Can I get AIDS from tattooing?



This section refers to tattooing specifically, and not to other forms of bodyart. Some, such as piercing and cutting, require the breaking of the client’s skin to a deeper level than what is achieved with a modern tattoo machine.

This section on AIDS & Tattooing has been contributed by Nick “Buccaneer” Baban , who studied at the Univ. of Michigan School of Public Health, Dept. of Epidemiology. He spent the summer researching AIDS and IV drug use in NYC. “I’m not an expert, but I consider myself knowledgable. Any furthur questions about AIDS can be e-mailed to me.”


Obviously there is some concern about AIDS and tattooing because when you get a tattoo, you bleed. But the mechanism of transmission needs to be better understood.

AIDS is transmitted by intimate contact with bodily fluids, blood and semen being the most comon. Intimate contact means that the fluid carrying the AIDS virus (HIV) enters into your system.

Injection drug users (IDUs) use hollow medical syringes and needles to inject drugs directly into their bloodstream. It is common practice to withdraw a little blood back into the syringe to delay the onset of the high. When needles are passed from IDU to IDU and reused without sterilization, some of that blood remains in the syringe and is passed on to the next user. If infected blood is passed, the recipient can become infected with HIV, which leads to AIDS.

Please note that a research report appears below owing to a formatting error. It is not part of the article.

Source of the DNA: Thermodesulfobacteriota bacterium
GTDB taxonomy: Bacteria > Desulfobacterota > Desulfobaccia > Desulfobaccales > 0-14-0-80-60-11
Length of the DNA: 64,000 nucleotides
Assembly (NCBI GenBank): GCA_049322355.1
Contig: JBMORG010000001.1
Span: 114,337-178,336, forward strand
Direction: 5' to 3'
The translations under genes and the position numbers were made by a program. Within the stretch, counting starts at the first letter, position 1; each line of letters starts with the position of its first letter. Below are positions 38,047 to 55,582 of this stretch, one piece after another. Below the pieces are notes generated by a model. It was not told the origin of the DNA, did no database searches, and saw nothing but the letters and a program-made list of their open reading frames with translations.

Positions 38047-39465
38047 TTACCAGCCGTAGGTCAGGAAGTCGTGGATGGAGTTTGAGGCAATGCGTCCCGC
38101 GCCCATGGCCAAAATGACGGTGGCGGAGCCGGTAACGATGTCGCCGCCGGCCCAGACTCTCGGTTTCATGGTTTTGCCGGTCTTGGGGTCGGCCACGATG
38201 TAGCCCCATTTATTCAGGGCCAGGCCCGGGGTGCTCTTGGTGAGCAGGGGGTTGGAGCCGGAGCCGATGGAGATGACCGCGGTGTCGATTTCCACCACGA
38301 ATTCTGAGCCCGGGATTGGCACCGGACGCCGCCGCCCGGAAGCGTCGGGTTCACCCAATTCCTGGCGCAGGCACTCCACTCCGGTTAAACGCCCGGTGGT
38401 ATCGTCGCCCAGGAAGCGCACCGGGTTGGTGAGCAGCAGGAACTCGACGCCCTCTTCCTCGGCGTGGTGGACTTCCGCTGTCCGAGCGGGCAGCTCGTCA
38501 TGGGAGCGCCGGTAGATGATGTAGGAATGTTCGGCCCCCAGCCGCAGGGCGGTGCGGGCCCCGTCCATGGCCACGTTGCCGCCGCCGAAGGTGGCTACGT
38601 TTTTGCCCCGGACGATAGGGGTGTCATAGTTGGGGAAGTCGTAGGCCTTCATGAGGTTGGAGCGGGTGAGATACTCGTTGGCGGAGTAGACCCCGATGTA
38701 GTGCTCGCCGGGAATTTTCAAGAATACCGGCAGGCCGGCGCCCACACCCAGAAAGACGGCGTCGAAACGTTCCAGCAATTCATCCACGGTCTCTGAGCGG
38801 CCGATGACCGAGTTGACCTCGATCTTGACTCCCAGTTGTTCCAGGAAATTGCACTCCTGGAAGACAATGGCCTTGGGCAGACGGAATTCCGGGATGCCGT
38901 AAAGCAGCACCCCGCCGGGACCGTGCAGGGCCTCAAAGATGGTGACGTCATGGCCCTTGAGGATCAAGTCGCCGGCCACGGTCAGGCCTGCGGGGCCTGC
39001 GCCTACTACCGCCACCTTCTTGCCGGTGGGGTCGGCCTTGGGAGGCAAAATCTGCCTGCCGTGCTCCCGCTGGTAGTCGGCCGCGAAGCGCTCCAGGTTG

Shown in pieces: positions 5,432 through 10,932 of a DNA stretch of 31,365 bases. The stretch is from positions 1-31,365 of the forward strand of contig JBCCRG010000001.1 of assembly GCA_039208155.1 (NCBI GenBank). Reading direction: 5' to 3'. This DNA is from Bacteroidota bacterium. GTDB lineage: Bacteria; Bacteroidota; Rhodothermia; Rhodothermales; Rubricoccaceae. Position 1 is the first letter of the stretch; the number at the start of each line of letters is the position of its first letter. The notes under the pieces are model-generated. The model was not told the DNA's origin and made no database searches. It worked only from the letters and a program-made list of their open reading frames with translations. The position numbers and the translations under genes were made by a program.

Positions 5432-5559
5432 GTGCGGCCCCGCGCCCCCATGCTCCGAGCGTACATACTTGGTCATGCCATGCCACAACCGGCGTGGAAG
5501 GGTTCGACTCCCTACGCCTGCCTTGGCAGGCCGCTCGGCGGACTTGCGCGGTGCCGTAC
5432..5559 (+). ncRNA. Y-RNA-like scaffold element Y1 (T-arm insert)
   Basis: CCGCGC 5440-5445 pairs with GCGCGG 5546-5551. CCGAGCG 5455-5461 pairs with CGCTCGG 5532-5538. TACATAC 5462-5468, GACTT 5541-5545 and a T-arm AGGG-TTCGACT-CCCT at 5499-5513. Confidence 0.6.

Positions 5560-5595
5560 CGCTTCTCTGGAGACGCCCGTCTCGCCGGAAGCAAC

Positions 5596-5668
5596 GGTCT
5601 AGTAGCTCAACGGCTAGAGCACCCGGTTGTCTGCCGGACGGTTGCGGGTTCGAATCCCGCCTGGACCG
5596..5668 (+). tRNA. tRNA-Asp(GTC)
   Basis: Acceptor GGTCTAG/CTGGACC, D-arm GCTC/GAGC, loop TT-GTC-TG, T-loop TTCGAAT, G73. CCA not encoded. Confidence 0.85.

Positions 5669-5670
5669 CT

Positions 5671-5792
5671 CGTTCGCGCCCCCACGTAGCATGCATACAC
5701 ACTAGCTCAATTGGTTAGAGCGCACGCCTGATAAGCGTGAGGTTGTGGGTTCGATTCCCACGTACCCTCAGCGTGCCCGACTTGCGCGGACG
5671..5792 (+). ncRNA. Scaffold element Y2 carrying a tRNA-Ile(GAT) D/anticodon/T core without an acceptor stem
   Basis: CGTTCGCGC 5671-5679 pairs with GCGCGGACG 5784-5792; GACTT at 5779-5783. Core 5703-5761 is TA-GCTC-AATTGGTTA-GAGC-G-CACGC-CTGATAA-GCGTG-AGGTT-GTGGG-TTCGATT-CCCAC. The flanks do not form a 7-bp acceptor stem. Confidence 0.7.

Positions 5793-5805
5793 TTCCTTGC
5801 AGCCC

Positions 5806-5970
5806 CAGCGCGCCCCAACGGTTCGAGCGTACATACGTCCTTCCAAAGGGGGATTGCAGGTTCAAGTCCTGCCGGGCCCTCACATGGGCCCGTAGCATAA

Tattooing is VERY different from injecting drugs. The needles used in tattooing are not hollow. They do, however, travel back and forth through a hollow tube that acts as an ink reservoir. The tip of the tube is dipped into the ink, which draws a little into the tube. As the needle withdraws into the tube, it gets coated with ink. When it comes forward, it pierces your skin and deposits the ink. You then bleed a little through the needle hole. This happens several hundred times a second.

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